Caspar David Friedrich - Abtei im Eichwald (1810)
Daniel TACKE - Abend
I suppose this all begins when I moved in with Alice Teyssier at 47 Morgan Street in Oberlin, Ohio in 2005. We lived on the second floor of a three-story apartment building. Sometimes, late at night, we would hear strange sonorities emanating through our ceiling. Only late in the year did I figure out that there were two composers living directly above us: Daniel Tacke and Josiah Oberholtzer. In those days, I would rarely say more than hello to either of them in passing (I imagined that between the two of them, they maybe uttered 100 words per year), but they have both become long-standing friends and are two of the young composers whom I most admire.
One Thanksgiving years later at the famous Deyoe domicile in La Jolla, with football silently playing on television and conversations filling the room, Dan seemed to be totally immersed (with a type of concentration one encounters far too rarely in the world) in a barely audible, ethereal, impossibly beautiful piece with occasional strikes of a drum demarcating a mysterious division of time. The piece was called “einfalt. stille” (“simplicity. silence”) by Klaus Lang, whom I had never heard of before. In early 2012, I had the occasion to participate in the US premiere of this very piece, and I had the privilege of getting to know Klaus. At one point, I mentioned that I had recently read Eugen Herrigel’s “Zen in the art of Archery.” Another friend asked if I had read it in German, to which I responded that I hadn’t, because I just didn’t have the patience. Klaus remarked instantaneously upon the irony of my answer.
When I think of Dan, I think of something a friend said to me about a former mentor of his; despite the fact that only five years separated them in terms of physical age, the mentor always seemed to be about a century older than my friend. Dan, who is actually two years younger than me, has always possessed such an ageless presence. Simplicity and silence are the hallmarks of Dan’s work. What I learn from him is the importance of patience – of letting time pass in an atmosphere replete with tension, beauty and significance.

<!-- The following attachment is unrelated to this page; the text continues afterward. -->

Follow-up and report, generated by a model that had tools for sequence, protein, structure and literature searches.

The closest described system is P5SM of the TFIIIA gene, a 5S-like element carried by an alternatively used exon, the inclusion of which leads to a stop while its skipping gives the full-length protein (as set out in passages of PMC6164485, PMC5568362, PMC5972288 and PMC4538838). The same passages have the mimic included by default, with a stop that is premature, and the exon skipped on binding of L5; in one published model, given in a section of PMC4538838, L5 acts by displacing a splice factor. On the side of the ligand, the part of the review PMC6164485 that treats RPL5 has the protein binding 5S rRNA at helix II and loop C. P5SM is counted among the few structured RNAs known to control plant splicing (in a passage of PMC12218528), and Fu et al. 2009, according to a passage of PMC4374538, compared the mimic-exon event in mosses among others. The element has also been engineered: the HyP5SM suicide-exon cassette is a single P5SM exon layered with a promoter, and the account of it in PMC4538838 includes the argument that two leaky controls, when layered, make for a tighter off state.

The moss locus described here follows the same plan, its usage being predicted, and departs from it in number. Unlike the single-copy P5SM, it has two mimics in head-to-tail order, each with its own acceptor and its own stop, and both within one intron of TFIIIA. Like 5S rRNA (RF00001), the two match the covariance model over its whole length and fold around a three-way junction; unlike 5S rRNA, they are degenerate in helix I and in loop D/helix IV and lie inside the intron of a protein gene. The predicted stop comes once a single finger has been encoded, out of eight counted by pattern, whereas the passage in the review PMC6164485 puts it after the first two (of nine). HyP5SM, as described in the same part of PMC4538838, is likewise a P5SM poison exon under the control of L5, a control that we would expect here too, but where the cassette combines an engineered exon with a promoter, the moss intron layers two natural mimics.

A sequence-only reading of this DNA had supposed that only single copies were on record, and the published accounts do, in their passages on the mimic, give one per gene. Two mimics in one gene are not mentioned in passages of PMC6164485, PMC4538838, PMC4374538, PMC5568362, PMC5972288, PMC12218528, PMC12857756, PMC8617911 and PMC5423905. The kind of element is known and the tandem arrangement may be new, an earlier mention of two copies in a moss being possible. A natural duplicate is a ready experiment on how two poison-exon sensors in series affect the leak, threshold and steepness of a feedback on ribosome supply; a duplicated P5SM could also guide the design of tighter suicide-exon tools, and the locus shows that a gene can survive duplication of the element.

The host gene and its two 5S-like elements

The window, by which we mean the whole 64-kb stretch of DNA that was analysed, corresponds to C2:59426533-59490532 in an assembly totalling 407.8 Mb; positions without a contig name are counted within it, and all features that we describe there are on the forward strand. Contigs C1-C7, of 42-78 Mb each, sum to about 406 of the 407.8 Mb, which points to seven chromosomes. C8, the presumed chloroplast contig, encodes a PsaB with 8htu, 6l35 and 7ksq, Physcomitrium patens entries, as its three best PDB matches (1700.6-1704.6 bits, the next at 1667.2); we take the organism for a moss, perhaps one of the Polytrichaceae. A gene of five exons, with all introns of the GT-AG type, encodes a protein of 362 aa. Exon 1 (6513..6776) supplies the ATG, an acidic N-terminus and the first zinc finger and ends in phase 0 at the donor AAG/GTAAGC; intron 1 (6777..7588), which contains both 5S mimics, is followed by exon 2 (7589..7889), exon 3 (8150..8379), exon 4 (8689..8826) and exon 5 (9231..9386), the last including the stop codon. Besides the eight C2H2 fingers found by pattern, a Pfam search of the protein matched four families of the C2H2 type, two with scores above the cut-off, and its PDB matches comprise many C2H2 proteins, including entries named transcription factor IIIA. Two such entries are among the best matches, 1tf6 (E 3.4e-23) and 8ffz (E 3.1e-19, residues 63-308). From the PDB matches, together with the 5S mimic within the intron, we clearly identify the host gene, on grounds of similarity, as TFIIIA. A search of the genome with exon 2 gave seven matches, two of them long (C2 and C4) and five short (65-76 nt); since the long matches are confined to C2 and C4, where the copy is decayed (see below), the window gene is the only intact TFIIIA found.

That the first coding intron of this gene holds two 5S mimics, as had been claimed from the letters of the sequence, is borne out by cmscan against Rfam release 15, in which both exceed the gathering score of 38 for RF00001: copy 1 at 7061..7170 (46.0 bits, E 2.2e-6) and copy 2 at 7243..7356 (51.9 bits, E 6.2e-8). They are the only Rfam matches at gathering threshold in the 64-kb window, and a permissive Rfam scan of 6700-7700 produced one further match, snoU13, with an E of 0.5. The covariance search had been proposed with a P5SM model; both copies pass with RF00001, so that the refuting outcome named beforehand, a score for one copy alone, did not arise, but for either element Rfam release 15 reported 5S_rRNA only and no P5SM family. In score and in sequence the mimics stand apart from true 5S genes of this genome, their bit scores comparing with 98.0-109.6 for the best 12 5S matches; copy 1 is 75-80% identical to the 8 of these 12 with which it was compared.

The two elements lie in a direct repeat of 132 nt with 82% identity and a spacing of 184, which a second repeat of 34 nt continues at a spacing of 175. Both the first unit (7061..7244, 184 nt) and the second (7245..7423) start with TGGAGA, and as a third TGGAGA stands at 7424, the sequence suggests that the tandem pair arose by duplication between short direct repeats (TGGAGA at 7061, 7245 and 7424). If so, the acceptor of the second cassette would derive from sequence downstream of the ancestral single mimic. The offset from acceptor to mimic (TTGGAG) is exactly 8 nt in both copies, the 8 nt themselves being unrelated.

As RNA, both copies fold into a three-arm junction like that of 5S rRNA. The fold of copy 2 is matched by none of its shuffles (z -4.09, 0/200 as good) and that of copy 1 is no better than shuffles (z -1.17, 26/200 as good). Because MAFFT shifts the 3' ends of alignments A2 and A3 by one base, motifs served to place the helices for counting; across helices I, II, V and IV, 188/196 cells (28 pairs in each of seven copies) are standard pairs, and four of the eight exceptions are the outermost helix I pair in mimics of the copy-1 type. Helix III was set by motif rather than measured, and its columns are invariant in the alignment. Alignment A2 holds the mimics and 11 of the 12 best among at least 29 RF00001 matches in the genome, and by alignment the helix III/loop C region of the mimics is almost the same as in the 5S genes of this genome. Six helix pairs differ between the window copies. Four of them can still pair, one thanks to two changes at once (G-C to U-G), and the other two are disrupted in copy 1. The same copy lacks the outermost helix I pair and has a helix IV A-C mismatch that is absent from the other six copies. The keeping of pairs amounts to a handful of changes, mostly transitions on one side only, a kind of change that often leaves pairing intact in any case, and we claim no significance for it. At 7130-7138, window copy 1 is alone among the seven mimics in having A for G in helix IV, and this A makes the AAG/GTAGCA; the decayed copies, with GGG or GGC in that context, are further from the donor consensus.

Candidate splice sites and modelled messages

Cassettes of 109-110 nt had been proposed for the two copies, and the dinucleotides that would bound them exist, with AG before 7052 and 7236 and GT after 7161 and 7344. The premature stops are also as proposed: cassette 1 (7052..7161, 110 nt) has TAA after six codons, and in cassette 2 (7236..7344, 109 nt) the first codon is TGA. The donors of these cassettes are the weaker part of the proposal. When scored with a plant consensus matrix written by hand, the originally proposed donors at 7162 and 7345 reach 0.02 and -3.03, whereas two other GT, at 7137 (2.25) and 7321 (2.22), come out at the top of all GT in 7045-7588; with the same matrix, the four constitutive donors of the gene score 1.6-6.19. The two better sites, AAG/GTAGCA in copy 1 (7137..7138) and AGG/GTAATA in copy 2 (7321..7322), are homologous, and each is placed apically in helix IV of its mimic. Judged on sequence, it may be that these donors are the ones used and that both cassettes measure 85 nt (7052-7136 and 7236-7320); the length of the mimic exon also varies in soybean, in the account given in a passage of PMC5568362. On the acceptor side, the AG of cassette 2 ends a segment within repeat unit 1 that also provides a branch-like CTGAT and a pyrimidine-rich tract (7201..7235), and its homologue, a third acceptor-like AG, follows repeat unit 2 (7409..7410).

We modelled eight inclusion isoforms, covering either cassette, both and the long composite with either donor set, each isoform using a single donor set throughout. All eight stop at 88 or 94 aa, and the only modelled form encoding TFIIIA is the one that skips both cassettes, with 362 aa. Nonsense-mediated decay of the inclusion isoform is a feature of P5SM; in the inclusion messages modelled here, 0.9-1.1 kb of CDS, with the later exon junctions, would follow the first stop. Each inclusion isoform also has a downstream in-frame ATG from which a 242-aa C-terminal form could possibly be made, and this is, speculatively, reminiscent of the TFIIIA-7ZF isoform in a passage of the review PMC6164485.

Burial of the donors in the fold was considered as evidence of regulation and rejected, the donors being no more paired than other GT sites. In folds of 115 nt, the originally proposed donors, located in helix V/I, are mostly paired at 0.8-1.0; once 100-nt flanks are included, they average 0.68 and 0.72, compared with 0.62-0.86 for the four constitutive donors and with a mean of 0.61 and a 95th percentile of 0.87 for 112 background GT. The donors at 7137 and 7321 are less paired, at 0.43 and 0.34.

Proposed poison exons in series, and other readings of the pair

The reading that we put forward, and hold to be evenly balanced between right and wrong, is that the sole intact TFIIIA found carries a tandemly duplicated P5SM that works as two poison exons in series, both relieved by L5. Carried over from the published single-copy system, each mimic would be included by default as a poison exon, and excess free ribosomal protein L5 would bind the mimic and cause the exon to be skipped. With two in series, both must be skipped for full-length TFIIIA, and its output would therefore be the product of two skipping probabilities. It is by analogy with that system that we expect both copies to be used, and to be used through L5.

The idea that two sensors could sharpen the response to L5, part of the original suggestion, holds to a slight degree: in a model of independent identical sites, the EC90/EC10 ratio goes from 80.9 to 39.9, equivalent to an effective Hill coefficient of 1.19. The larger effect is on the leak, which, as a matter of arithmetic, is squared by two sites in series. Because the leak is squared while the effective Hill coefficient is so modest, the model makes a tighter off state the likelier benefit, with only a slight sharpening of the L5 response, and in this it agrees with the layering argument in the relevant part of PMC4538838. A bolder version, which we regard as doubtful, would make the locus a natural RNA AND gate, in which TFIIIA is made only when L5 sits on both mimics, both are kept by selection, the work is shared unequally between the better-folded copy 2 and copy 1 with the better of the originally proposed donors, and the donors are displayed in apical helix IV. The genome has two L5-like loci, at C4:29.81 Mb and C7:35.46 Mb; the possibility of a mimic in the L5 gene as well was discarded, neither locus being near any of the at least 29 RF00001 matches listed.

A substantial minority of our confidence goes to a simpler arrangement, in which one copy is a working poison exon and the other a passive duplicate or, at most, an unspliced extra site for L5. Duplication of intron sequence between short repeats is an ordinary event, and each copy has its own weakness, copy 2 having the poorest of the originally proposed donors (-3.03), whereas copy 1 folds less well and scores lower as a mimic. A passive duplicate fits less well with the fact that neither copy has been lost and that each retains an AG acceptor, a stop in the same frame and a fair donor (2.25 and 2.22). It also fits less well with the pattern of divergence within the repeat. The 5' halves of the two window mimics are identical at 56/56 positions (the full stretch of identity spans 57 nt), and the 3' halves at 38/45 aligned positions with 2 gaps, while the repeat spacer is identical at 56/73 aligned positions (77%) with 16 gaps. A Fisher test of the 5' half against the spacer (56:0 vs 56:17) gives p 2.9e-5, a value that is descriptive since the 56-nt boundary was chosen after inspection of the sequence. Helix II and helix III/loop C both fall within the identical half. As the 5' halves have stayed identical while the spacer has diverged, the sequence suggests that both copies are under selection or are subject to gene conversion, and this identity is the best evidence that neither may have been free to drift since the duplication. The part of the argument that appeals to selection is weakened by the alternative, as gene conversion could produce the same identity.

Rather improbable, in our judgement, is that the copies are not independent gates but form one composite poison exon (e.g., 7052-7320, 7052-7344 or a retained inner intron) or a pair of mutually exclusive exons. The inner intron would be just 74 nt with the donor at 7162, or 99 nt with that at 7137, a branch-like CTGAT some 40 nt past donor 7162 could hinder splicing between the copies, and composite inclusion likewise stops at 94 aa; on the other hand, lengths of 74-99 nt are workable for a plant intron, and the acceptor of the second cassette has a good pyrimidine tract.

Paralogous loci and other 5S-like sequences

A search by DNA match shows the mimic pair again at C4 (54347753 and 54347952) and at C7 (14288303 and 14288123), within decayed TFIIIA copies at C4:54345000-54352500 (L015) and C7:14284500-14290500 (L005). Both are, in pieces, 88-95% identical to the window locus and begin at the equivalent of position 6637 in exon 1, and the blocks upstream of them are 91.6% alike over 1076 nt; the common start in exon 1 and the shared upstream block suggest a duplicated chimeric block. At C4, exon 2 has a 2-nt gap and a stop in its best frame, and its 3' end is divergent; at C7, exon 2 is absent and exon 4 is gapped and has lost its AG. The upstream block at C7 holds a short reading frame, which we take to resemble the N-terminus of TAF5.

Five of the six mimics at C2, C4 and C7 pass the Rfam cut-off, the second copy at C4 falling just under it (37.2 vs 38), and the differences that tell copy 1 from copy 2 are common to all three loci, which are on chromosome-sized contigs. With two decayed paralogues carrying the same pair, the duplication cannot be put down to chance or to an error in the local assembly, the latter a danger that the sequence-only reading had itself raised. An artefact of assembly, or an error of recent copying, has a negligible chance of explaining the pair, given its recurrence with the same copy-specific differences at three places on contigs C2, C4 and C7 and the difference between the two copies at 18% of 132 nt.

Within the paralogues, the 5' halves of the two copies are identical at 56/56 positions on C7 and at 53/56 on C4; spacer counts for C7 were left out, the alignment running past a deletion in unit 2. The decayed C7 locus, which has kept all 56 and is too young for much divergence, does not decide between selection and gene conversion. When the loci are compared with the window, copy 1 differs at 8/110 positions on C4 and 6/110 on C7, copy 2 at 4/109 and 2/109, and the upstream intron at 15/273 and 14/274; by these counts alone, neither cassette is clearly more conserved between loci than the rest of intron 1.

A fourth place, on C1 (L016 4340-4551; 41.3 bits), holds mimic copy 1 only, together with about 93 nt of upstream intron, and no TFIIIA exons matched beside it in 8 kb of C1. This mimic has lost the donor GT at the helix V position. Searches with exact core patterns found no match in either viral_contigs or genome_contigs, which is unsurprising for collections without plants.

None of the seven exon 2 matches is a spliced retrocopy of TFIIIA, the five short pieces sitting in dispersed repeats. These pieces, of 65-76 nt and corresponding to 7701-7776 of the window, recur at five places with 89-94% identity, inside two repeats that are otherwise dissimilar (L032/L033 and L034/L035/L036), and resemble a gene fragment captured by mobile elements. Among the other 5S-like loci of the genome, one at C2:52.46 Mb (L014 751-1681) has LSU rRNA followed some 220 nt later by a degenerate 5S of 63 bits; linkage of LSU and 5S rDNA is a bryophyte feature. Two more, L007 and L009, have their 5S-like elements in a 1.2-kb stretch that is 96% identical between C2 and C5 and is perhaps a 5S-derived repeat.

Jonathan Hepfer, 2014
Abend (Evening) – Rainer Maria Rilke (1875-1926)
The sky puts on the darkening blue coat
held for it by a row of ancient trees;
you watch: and the lands grow distant in your sight,
one journeying to heaven, one that falls;
and leave you, not at home in either one,
not quite so still and dark as the darkened houses,
not calling to eternity with the passion of what becomes
a star each night, and rises;
and leave you (inexpressibly to unravel)
your life, with its immensity and fear,
so that, now bounded, now immeasurable,
it is alternately stone in you and star.